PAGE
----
By Dan Brekke, KQED News Fix

A plan to build suicide prevention nets on the Golden Gate Bridge could get the green light this week.

The bridge’s board of directors will meet Friday to vote on whether to fund the $76 million “physical suicide deterrent system.” Federal money is anticipated to cover most of the costs, including $22 million via Caltrans and $27 million from the Metropolitan Transportation Commission. The project would also get $7 million from the state Mental Health System Oversight and Advisory Commission.

Read the complete story at KQED News Fix. 

S.F. City Attorney Puts Kibosh on Parking Apps

By Lydia Chávez, Mission Local

City Attorney Dennis Herrera issued an immediate cease-and-desist order Monday to parking apps such as Monkey Parking, a mobile peer-to-peer bidding app that allows drivers to auction off public parking spaces.

Today’s decision also impacts other parking apps – including Sweetch, which allows drivers to earn money by selling their spots to nearby drivers for a fee of $5 . Monkey Parking uses a bidding system that allows drivers to take the highest bid for their parking space. CARMAnation, another app, charges up to a $2 fee for renting out a private parking spot and will not be affected by the ban. Drivers using its app can also hand over their spot for free or donate the $2 to charity. 

Read the complete story at Mission Local. 

S.F. Port: Too Much Private Money, Too Little Public Input, Grand Jury Finds

By Patricia Yollin, KQED News Fix 

The title of the San Francisco civil grand jury’s latest report says it all: “The Port of San Francisco: Caught Between Public Trust and Private Dollars.”

The report, issued today, concluded that the port and mayor’s office “have been overly reliant on funds from major real estate developers.” It questioned whether there has been adequate public input on decisions involving port property. And it said that transportation along the waterfront does not meet current needs.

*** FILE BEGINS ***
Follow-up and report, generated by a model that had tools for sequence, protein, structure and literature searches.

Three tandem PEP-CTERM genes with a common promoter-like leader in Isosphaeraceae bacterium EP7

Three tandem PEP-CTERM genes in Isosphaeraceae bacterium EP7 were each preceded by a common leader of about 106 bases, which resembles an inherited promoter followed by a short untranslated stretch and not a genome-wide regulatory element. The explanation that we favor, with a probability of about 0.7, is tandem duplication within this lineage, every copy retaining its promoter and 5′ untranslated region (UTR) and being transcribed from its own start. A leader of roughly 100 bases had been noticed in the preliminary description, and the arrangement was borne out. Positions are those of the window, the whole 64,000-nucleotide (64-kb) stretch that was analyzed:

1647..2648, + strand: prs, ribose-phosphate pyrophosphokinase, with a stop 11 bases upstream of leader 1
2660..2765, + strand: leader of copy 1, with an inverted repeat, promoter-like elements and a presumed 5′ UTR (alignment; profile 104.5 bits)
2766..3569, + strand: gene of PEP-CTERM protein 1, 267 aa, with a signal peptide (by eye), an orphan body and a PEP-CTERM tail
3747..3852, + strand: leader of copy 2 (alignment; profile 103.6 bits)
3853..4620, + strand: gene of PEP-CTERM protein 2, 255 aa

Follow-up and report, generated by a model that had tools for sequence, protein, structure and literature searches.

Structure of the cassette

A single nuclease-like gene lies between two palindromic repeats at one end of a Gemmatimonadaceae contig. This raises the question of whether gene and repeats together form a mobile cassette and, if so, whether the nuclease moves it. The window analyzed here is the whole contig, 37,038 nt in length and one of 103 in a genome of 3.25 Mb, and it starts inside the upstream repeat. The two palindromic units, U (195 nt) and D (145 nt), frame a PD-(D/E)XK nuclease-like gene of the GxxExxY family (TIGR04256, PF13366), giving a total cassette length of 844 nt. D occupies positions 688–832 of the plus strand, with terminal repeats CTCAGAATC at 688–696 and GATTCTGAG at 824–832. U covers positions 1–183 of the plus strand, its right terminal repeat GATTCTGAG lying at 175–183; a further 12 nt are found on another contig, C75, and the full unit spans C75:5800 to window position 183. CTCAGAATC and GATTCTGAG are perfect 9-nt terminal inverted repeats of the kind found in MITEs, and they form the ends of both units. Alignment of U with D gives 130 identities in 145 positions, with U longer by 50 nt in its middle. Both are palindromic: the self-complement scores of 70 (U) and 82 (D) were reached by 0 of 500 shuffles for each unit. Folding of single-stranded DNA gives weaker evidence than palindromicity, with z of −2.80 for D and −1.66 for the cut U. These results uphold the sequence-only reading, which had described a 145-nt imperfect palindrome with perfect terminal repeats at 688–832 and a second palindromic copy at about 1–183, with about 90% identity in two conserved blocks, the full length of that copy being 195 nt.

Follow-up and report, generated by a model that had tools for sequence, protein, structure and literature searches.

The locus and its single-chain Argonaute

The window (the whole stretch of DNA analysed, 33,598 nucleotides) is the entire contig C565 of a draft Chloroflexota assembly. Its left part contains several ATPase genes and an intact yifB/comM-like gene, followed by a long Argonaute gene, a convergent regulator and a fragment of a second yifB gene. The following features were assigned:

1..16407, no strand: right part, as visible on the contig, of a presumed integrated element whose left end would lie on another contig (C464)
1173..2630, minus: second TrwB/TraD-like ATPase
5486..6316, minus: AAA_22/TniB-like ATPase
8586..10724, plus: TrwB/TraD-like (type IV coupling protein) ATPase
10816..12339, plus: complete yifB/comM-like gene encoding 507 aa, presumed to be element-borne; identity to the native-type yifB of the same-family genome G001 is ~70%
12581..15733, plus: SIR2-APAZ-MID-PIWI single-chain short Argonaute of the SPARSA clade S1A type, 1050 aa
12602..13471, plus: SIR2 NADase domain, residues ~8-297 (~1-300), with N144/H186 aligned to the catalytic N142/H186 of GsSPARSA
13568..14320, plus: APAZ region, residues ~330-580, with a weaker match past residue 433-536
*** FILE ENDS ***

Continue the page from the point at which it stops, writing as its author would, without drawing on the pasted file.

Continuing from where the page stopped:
Read the complete story at KQED News Fix.

Snapshot of Who Uses San Francisco WiFi

By Audrey Dilling, KALW Crosscurrents

At the corner of Sanchez and Market, Jason Dorn pulls out an iPhone. He is  at one endpoint of the access area for San Francisco Free WiFi, a free wireless network that the city launched last December. It spans Market Street, from Castro Street to the Embarcadero.

Dorn says he has heard of the free network but doesn’t use it, since he already has an unlimited data plan for his phone. Still, he says he likes the idea.

“What’s not good about free WiFi?” asks Dorn. “We live in San Francisco. We’re married to our phones and to the Internet. I don’t see a downside to it.”

Read the complete story at KALW Crosscurrents. 

Once Friendly, California Looks to Toughen Rules on Ride-Service Companies

By Jon Brooks, KQED News Fix

In February, when Lyft was battling to stave off regulations of ride-service companies in Seattle, company CEO John Zimmer pointed to California as a shining example of a fruitful partnership between a disruptive tech industry and regulators.

“California had a yearlong rule-making process with several steps,” he said in an interview about the California Public Utilities Commission’s decision last year to sanction what it calls Transportation Network Companies, or TNCs. “And they were able to come out with something that put, in many cases, more strict standards on new companies like Lyft, yet preserved innovation and consumer choice. I think that’s a fantastic model.”

Read the complete story at KQED News Fix.